22 August 2010
What a horribly depressing week for Irish radio. The pomp and bombast attached to Ryan Tubridy’s move to 2FM this week has singularly failed to obscure the ugly message revealed by RTE’s new autumn radio schedule: there are jobs in Irish national prime-time radio, but women need not apply.
2FM’s weekday schedule is now as follows: Hector O’hEochagáin (7-9am),Tubridy (9am-11am), Colm Hayes (11am-1pm), Larry Gogan (1pm-2pm), Rick O’Shea (2pm-4.30pm),Will Leahy (4.30pm-7pm). Could we get a lady in that line-up? Is the Pope a Protestant?
Female radio presenters in Ireland are like members of an endangered species. With the admittedly notable exception of current affairs programmes, spotting one between 7am and 7pm (the prime advertising hours) on national radio is as likely as seeing a giant panda on Grafton Street.
Women fill in on the summer schedules. They present weekend shows. They get to be on the digital station RTE 2XM, which doesn’t pay its presenters. But they never get a shot at the big time. When I turn on a national station and I hear a female presenter on a non-current affairs programme (covering for someone, of course), I automatically presume she’s going to be terrible, because that’s the message our radio station bosses are transmitting to us. They might as well hold up a giant card saying ‘‘No confidence’’ or ‘‘Danger – female on air!” It really is that bad out there.
Of course, management will tell you, women do appear on the schedules – they are the assistants, the producers, the cheerful weather girls. They pop up on air all the time (giving the lie to the notion that the audience cannot bear to hear a high female voice on air), but they are not allowed to drive the show. In truth, there’s a curious 1950s situation at play on the airwaves. Daddy does the work, Mammy cooks the meals and Baby provides the fun, entertainment segment.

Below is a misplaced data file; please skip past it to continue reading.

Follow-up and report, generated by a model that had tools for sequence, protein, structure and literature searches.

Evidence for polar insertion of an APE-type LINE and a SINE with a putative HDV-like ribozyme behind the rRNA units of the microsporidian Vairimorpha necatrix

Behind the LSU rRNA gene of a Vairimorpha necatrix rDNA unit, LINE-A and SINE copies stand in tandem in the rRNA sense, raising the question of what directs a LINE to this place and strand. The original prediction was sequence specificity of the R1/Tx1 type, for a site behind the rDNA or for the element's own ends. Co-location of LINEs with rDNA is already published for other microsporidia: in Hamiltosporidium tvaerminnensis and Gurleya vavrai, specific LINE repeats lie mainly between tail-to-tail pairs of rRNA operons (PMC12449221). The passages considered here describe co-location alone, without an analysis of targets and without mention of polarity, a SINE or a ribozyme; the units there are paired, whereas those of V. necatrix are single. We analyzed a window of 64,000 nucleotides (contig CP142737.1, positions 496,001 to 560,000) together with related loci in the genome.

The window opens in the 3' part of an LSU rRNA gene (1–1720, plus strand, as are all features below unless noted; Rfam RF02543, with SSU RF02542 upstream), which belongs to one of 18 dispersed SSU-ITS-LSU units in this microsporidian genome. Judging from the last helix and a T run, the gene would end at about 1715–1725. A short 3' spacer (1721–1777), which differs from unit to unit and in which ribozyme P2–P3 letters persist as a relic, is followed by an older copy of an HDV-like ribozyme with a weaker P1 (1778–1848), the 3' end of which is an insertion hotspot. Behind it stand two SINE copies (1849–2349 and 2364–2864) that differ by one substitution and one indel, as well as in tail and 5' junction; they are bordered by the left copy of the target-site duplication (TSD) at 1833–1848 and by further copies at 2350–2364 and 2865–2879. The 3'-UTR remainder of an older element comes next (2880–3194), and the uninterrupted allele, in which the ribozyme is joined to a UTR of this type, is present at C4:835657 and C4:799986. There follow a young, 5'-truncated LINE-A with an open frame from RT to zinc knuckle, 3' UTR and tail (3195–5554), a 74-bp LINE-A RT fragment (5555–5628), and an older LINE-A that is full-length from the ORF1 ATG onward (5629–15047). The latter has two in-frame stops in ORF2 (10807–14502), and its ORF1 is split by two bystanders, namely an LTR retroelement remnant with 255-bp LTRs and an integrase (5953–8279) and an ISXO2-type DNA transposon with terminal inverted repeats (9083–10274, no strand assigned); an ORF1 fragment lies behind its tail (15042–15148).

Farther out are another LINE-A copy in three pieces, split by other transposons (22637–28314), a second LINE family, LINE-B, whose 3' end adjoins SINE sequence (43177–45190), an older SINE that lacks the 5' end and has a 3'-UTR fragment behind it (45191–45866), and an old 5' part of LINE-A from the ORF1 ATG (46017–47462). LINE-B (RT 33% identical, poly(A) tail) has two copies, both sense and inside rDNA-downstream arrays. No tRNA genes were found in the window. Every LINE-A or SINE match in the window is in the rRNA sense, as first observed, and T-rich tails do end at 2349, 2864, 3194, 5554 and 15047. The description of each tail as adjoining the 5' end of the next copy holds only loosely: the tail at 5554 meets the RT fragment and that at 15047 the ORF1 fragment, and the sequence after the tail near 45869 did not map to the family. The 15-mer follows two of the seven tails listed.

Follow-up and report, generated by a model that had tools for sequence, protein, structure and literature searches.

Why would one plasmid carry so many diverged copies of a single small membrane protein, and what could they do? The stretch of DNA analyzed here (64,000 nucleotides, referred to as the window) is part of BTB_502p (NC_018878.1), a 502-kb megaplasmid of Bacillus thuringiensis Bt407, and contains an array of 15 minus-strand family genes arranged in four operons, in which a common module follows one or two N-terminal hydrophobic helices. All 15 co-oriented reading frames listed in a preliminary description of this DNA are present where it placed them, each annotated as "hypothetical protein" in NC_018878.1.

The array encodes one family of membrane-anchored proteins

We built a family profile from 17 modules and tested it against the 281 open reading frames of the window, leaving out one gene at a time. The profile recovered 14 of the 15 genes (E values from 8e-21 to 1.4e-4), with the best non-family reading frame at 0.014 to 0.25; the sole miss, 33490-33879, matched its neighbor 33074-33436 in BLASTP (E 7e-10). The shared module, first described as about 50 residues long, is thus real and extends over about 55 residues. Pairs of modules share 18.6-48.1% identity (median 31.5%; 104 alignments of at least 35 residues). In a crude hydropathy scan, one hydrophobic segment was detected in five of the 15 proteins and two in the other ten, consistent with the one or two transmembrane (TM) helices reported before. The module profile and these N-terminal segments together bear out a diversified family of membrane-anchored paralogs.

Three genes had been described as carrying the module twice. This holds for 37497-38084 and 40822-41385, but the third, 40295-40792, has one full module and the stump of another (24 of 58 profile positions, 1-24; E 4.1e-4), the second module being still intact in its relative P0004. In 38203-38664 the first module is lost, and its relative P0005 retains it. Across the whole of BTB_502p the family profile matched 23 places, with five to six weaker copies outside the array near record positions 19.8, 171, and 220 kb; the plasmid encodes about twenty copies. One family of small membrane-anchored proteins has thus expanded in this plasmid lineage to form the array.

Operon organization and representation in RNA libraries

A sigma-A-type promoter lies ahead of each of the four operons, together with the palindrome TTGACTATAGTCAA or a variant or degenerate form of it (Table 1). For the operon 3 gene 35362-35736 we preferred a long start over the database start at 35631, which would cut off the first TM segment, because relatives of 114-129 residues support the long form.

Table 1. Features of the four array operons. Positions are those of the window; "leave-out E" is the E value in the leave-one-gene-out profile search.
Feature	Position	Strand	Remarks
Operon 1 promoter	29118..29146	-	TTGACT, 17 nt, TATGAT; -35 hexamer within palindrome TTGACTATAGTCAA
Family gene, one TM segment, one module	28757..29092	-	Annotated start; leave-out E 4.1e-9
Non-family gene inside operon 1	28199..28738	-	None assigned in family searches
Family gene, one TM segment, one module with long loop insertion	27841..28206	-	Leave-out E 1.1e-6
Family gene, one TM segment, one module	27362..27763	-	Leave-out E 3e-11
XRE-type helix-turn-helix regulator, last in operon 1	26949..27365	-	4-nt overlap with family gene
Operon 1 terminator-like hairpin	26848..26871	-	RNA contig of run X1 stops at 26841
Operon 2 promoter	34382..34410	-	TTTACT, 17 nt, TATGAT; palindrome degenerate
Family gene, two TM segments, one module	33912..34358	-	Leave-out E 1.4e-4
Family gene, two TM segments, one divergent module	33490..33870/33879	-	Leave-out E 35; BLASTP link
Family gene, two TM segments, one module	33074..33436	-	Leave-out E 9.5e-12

In the case of Ray D’Arcy on Today FM, we almost literally have Daddy and Mammy (Ray and Jenny) with Baby Will, standing in to cover the absence of a genuine screaming infant. It’s 2010 but, on our airwaves, the ladies look pretty while the men do the heavy lifting. What kind of message does that send out to young female radio presenter wannabes? Emigrate, ladies. Britain will serve you better.
Radio station bosses will argue they have no choice – they need to get their JNLR figures up, and they don’t believe female presenters out there are capable of bringing home the prime-time advertising bacon. But, to some extent, they’re missing the point. It’s not enough to sit there judging the likes of Lucy Kennedy, Kathryn Thomas or Alison Curtis. They also need to take a look at the environment they’ve created. Are they actively seeking to nurture female talent? Are they cutting women off at the knees?
It’s overly simplistic – even offensive – to tell people that, if the talent was there, they would harness it. Radio station bosses need to take a good hard look at themselves, and evolve alongside their country.
In the long term, wouldn’t it be worth it if they created the next Marian Finucane? You hear that sound, radio station bosses? Ker-ching! Why, I believe that’s called advertising revenue.
Nadine O’Regan is The Sunday Business Post’s Books and Arts editor. She presents The Kiosk, Dublin station Phantom 105.2’s arts and culture show, every Saturday at 11am